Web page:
Conference Dates

November 8-12, 2015


Stability of oxides/Environmental Barrier Coating (EBC) candidate materials in high-temperature, high-velocity steam has been characterized using a steam-jet furnace modeled after Lucato et al [1]. The objective of this work is to quantify stability of oxides for use as coatings on SiC-based composites in turbine engine environments with the long term goal of developing thermochemical life prediction models for EBCs. SiO2, TiO2, Y2O3, and rare earth silicates were exposed in one atmosphere steam flowing at approximately 170 m/s at temperatures between 1200 and 1400°C for times up to 375 h. Oxide recession, attributed to formation of volatile metal hydroxides, was measured for SiO2, TiO2 and Y2O3. The SiO2 recession rates were consistent with values predicted assuming loss of material was limited by transport of Si(OH)4(g) through a laminar gas boundary layer. TiO2 single crystal recession was slightly less than SiO2 but too rapid for use in a turbine environment. Y2O3 recession was not measureable within the sensitivity of techniques used here.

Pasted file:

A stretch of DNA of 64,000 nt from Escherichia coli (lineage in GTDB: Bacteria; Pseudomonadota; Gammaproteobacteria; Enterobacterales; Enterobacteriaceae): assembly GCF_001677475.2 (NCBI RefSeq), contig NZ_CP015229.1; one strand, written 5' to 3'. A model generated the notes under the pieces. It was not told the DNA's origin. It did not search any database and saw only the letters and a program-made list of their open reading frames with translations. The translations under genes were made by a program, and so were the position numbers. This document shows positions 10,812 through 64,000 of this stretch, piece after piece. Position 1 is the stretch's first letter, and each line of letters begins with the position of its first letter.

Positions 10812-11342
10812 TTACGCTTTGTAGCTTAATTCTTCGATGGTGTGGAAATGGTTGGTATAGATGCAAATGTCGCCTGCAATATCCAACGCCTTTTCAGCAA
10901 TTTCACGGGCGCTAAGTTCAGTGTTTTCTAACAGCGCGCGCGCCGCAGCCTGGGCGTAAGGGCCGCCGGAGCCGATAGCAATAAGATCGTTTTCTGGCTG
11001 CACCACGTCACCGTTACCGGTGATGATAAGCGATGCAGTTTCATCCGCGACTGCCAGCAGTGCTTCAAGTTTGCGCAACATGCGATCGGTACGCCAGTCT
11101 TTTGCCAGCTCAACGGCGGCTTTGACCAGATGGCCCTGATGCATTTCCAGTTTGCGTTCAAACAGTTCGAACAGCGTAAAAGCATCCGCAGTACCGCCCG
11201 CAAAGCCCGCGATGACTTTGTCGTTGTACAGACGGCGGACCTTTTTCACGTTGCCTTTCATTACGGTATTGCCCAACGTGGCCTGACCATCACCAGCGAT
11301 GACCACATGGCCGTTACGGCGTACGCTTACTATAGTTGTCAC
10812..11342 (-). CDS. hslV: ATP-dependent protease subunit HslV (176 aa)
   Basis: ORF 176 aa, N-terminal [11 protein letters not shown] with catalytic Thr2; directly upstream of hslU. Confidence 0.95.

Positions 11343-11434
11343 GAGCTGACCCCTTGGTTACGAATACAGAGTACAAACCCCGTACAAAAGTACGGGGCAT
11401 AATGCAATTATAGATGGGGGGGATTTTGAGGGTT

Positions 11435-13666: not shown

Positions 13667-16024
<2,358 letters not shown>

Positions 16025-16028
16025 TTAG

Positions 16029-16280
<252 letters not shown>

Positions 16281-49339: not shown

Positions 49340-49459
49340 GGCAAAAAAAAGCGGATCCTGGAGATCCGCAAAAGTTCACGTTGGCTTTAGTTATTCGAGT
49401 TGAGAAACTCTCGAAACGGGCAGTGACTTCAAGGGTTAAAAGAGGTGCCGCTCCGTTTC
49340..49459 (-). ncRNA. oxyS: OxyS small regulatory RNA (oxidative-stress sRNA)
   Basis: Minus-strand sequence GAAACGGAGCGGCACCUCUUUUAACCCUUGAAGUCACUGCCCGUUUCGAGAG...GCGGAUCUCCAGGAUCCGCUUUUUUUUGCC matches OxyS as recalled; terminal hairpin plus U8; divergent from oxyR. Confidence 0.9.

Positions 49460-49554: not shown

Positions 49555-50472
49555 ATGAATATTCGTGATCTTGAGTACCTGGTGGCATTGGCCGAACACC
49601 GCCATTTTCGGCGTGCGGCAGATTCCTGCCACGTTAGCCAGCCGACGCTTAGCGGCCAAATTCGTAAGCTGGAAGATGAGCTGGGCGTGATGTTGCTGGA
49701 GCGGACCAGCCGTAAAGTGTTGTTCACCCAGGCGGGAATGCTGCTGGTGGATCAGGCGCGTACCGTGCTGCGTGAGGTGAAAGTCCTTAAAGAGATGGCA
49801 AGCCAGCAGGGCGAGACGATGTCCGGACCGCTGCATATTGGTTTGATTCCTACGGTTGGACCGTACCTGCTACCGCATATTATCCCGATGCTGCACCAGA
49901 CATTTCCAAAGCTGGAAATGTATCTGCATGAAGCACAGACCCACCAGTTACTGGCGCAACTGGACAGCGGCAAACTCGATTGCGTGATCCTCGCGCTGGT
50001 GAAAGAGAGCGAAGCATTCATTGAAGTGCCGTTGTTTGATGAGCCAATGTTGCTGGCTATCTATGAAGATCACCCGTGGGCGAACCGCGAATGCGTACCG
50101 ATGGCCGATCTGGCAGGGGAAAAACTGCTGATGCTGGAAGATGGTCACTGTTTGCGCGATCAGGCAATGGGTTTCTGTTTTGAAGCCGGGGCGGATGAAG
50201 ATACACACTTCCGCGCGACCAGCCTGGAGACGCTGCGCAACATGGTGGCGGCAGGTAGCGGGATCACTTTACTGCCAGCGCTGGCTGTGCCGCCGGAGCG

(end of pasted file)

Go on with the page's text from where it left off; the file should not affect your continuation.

Y2Si2O7 exposed in the steam-jet furnace was selectively depleted of SiO2 by the reaction:

Y2Si2O7 + 2H2O(g) = Y2SiO5 + Si(OH)4(g) (1)

A porous surface layer of Y2SiO5 formed after exposure of Y2Si2O7 and was confirmed by X-ray Diffraction Analysis (XRD), Scanning Electron Microscopy (SEM), and Energy Dispersive Spectroscopy (EDS). Key microstructural features observed in addition to the porosity include grain refinement, faceting, and grain fall out. The growth rate of the porous layer decreased with time at 1300°C, although the depletion depth varied significantly across the surface, possibly due to preferred crystallographic orientations for the depletion reaction. The silica depletion depth decreased with increasing temperature. The depletion depths were uniform at 1200°C as shown in Figure 1. At 1400°C the porous surface layers sintered rapidly, closing off paths for water vapor ingress into the material and thus minimizing SiO2 depletion by Reaction (1). Y2SiO5 was significantly more stable than Y2Si2O7. Significant SiO2 depletion of the monosilicate was not observed within the sensitivity of the techniques used here.